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Merge K Sorted Array

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In this article, we have explored 3 approaches to merge K sorted arrays such that the resulting array is sorted as well. This involve the concept of Min / Max Heap.

Table of contents:

  1. Problem Statement
  2. Approach 1 : Naive Approach
  3. Approach 2: Using merging
  4. Approach 3: Using Min-Heap

Pre-requisite: Min/ Max Heap

Problem Statement


Given K no. of sorted arrays of size N each, merge and sort them, print the sorted output.

Example

Input:

3 4
1 4 7 10
2 5 8 11
3 6 9 12

Output:

1 2 3 4 5 6 7 8 9 10 11 12

Solution


Approach 1 : Naive Approach


The basic idea behind this approach is to iterate through each array and keep track of the current element in each array, then add the smallest element to the final result array. This process is repeated until all elements have been added to the final result array.

This process is as follows:

  • First, initialize a array of size N * K.
  • Then, for each array in the input, we create a pointer to keep track of the current element in that array.
  • We then iterate through each array and compare the current element at the pointer for each array.
  • The smallest element is added to the final result array, and the pointer for the array with the smallest element is incremented.

This process is repeated until all elements have been added to the final result array.

Implementation


Implementation of naive approach in java:

public class Main {
    public static int[] merge(int[][] arrays) {
        int k = arrays.length;
        int n = arrays[0].length;
        
        // Initialize the result array
        int[] result = new int[k * n];
        
        // Create an array to keep track of the current element for each input array
        int[] pointer = new int[k];
        
        // Initialize the result array index
        int index = 0;
        
        // Repeat until all elements have been added to the final result array
        while (index < k * n) {
            int min = Integer.MAX_VALUE;
            int minArray = -1;
            
            // Find the array with the smallest current element
            for (int i = 0; i < k; i++) {
                if (pointer[i] < n && arrays[i][pointer[i]] < min) {
                    min = arrays[i][pointer[i]];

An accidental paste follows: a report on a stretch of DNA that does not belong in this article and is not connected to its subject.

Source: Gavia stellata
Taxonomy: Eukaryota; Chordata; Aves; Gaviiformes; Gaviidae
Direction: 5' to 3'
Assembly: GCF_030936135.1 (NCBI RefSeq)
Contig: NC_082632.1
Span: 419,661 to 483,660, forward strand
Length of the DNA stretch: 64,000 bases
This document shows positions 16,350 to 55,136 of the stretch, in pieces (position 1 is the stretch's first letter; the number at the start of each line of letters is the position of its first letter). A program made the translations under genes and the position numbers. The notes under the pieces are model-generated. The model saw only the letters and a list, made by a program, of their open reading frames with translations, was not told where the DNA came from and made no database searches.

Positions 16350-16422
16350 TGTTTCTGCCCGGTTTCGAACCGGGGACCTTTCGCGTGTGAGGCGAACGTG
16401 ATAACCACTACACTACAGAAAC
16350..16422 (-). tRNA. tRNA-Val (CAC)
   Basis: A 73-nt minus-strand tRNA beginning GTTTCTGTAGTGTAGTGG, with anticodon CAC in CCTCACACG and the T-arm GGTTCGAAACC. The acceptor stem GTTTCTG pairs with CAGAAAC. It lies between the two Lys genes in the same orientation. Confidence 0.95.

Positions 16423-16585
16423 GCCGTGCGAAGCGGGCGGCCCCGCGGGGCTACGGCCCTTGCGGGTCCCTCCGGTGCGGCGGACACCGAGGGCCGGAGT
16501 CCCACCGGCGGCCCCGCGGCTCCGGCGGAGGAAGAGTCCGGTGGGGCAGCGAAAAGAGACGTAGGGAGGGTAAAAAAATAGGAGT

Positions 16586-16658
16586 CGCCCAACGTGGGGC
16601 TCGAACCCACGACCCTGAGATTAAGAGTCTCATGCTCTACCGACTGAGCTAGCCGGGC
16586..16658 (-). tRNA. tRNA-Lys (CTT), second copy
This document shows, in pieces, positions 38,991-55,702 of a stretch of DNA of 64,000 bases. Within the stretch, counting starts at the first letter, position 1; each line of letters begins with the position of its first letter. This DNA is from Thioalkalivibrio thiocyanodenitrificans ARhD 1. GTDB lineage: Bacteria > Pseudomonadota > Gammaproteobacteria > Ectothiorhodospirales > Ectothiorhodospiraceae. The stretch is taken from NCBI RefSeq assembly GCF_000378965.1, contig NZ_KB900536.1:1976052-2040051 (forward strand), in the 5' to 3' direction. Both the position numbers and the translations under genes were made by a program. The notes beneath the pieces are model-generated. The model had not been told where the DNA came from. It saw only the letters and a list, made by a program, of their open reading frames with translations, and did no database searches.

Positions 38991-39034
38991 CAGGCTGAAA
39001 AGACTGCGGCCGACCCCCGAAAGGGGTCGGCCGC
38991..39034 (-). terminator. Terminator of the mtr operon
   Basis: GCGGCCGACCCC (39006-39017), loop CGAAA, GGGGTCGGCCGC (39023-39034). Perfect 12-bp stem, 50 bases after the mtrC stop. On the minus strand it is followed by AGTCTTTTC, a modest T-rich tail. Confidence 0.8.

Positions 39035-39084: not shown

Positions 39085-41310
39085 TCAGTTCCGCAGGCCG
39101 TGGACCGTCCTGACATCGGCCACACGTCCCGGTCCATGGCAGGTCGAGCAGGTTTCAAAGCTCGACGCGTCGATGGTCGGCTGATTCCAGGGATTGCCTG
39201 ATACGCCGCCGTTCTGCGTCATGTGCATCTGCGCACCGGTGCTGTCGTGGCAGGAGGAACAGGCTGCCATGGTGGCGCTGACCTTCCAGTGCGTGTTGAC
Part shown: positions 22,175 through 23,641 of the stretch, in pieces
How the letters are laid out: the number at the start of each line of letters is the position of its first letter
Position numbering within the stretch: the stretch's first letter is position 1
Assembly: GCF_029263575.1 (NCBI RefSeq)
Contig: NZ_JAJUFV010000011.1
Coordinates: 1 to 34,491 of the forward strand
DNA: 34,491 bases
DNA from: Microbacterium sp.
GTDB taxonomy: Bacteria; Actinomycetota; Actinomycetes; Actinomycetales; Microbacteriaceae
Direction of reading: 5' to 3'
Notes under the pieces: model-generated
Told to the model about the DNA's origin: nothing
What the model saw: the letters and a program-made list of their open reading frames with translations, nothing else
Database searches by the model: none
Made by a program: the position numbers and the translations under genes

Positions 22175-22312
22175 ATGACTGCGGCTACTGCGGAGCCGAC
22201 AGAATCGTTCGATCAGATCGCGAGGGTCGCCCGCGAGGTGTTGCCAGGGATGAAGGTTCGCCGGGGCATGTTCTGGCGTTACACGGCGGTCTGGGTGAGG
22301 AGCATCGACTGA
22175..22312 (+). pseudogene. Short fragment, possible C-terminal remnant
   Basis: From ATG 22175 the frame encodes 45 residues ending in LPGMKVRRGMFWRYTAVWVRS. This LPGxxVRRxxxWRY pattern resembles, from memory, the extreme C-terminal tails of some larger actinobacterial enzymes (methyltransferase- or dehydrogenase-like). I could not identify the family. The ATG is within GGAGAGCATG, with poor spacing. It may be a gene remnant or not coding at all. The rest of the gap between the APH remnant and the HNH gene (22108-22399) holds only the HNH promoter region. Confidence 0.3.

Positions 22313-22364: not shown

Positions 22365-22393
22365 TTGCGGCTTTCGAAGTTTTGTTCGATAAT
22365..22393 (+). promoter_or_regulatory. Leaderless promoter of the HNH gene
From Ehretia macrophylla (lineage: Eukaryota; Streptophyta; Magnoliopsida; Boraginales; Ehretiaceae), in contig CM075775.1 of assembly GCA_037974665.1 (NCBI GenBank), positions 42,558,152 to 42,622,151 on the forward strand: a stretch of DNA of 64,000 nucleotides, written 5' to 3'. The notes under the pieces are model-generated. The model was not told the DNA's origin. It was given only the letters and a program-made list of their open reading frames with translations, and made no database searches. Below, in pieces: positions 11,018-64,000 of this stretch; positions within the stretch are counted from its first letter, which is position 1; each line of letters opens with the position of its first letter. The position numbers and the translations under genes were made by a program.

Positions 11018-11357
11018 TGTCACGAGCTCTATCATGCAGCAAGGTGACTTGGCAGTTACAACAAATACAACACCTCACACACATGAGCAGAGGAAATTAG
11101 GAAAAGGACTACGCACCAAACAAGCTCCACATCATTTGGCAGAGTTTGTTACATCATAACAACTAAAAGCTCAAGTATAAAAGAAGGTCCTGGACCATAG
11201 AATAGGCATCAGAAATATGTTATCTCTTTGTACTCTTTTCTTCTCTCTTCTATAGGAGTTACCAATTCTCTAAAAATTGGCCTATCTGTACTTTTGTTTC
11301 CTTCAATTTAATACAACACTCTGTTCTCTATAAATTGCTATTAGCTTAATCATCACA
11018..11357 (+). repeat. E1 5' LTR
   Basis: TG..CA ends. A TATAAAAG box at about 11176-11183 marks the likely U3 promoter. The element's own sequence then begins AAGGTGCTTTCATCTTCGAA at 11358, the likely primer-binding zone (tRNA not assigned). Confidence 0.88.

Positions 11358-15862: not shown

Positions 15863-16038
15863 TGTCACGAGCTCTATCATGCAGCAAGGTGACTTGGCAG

minArray = i;
                }
            }
            
            // Add the smallest element to the final result array
            result[index++] = min;
            pointer[minArray]++;
        }
        
        return result;
    }
    
    public static void main(String[] args) {
        int K = s.nextInt();
        int N = s.nextInt();
        int arr[][] = new int[k][n];
        for(int i=0,; i<k; i++) {
            for(int j=0; j<n; j++) {
                arr[i][j] = s.nextInt();
            }
        }
        
        int[] result = merge(arr);
        
        for (int i : result) {
            System.out.print(i + " ");
        }
    }
}
  • Below Image shows the representation of naive approach
    naive-approach

Step by Step Guide to use naive approach


  1. Initialize an empty array called result to store the final merged and sorted array.
  2. Create an array called pointers of size K to keep track of the current index of each input array. Initialize each element to 0.
  3. Create a variable size to store the total number of elements in all the input arrays.
  4. Create a while loop that continues until size is equal to the number of elements added to the final result array.
  5. Inside the while loop, initialize a variable min to a very large value (e.g. Integer.MAX_VALUE) and a variable minArray to -1.
  6. Use a for loop to iterate through each input array. In each iteration, check if the current pointer index is less than N and if the current element in the array is less than min.
  7. If the current element is smaller than min, update min to the current element and minArray to the current array index.
  8. After the for loop, add the value of min to the result array and increment the pointer index of the array at index minArray by 1.
  9. Also, increment the size variable by 1.
  10. Repeat steps 4 to 9 until size is equal to the total number of elements in all input arrays.
  11. Return the result array.

Complexity Analysis


Time complexity: O(N * K^2)

  • In each iteration, we also compare the current element at the pointer for each array, which take O(K) time.
  • So the overall time complexity becomes O(K * N * K).

Space Complexity: O(N * K)

  • we are using an additional array of size O(N * K) to store the final result.

Approach 2: Using merging


The basic idea behind this approach is to repeatedly merge pairs of arrays until we are left with a single merged and sorted array.

This process is as follows:

  • The first step is to divide the K arrays into pairs and merge each pair using a merge sort-like approach.
  • We can then take the resulting arrays and merge them again, continuing this process until we have a single merged and sorted array.

One key advantage of this approach is that it can be easily parallelized, allowing us to take advantage of multiple processors or threads to speed up the merge process.

Implementation


Implementation of merging approach in java:

public class Main {
    public static int[] merge(int[][] arrays) {
        int k = arrays.length;
        int n = arrays[0].length;

        // Initialize the result array
        int[] result = new int[k * n];

        // Repeat until we have a single merged array
        while (k > 1) {
            int index = 0;
            for (int i = 0; i < k; i += 2) {
                int[] left = arrays[i];
                int[] right = i + 1 < k ? arrays[i + 1] : new int[0];
                arrays[index++] = mergeTwoArrays(left, right);